The 20 greatest moments in Colorado Rockies history
If mediocrity was a woman, she would have a restraining order on the current Rockies team. The only thing notable about this team is that Troy Tulowitzki and Carlos Gonzalez are both battling nagging injuries. So why not look back on the good times?
On the twentieth anniversary of Major League Baseball's awarding Denver a professional baseball team, we chronicle the twenty greatest moments in franchise history.
20. Rockies' first win: On March 6, 1993, the Rockies won their first Spring Training game against the San Francisco Giants, 7-2. David Nied struck out Barry Bonds to work out of a jam, marking the height of the "Nied for speed" era -- a disappointment considering that Nied was the first pick in the Rockies' expansion draft.
19. First no-hitter in Coors Field: Unfortunately, it was thrown by the Los Angeles Dodgers' Hideo Nomo on September 17, 1996. It was the second no-no thrown against the Rockies in the season. Colorado became the first Major League team to get no-hit twice and still win the club batting title in the same season. Hell, yeah!
18. Rockies promote Tim Ireland to Pacific Rim coordinator: Who doesn't remember where they were on January 4, 1999, when Ireland was named the point man in the franchise's Far East scouting? This earns the title of "Least notable moment on the Rockies franchise timeline," which counts "Present" as 2006.
17. Denver hosts the 1998 All-Star festivities: The All-Star game would be the highest-scoring in history, as the American League prevailed 13-8. Mark McGwire blasted a ball 510 feet off a billboard in center field during the home-run derby. Holy crap, I miss steroids.
16. Jim Leyland announces resignation: The manager held a pre-game meeting on September 6, 1999, and told his players he would resign at season's end in order to spend more time with his family. In a sign that he either hates his family or was desperate to get away from a team that finished 28 games out of first place, he has been managing the Detroit Tigers since 2006.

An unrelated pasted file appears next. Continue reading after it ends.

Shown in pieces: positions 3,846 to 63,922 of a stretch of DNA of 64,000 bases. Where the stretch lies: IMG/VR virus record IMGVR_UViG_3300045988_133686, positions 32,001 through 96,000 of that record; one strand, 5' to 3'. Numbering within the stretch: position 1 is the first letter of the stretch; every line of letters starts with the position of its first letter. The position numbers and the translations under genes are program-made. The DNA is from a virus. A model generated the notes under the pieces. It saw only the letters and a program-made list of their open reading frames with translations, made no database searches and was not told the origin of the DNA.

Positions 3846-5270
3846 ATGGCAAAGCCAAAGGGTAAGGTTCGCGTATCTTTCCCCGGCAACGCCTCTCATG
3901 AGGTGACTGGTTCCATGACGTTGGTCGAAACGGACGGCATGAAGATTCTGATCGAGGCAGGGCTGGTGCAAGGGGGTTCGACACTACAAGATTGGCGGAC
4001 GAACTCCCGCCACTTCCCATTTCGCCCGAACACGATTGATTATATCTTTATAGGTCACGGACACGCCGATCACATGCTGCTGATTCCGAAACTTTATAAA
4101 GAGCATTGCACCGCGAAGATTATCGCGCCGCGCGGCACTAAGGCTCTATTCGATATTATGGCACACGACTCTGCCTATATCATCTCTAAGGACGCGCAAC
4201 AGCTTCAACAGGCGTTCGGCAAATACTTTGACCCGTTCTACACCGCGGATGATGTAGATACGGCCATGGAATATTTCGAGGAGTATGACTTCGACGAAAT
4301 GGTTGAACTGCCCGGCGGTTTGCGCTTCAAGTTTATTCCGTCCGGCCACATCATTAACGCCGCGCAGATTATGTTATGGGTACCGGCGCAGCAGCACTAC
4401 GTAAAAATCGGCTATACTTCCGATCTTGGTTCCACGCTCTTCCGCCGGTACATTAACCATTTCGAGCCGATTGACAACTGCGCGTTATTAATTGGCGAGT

15. Todd Helton eclipses a .400 batting average: On August 21, 2000, Helton had two hits in his first three at-bats against Atlanta at home and brought his season batting average to .400 before finishing the night at .398. It was the latest in a season a player had reached that mark since George Brett did so on Sept. 4, 1980. Helton finished the season leading the National League with a .372 average.
14. Rockies notch their millionth customer: On Mothers Day, 1993, Lydia McKee, a mother of two, became the one millionth fan through the gates at Mile High Stadium. The Rockies reached this mark in just seventeen home games, breaking the previous record held by the 1992 Toronto Blue Jays, proving again that Canada is our bitch.
13. Rockies spend a shitload of money: In the 2011 off-season, the Rockies broke character and dished out almost $250 million in extensions for Tulowitzki, Gonzalez and Jorge De La Rosa. All three are currently injured, with De La Rosa done for the year and needing Tommy John surgery. Tulo and Cargo also started the season slow and are underachieving per their standards. But it was really exciting when the Rockies made it rain several months ago.
12. Larry Walker wins 1997 NL MVP: The right-fielder became the first Rockies player to win the award and was voted first on 22 of the 28 ballots submitted. He led the league with 49 home runs, hit .366 and won a Gold Glove. He was also the first Canadian to win the MVP. Wait, who cares about Canada? It's our bitch.
11. Clint Barmes fractures his left collarbone while carrying deer meat: While leading NL rookies in most offensive categories, Barmes fell while carrying a package of deer meat he got from Helton. Barmes ended up missing 78 games in 2005, which the Rockies might as well refer to as "The year of the injury." Barmes is now mentioned anytime a player injures himself doing something stupid.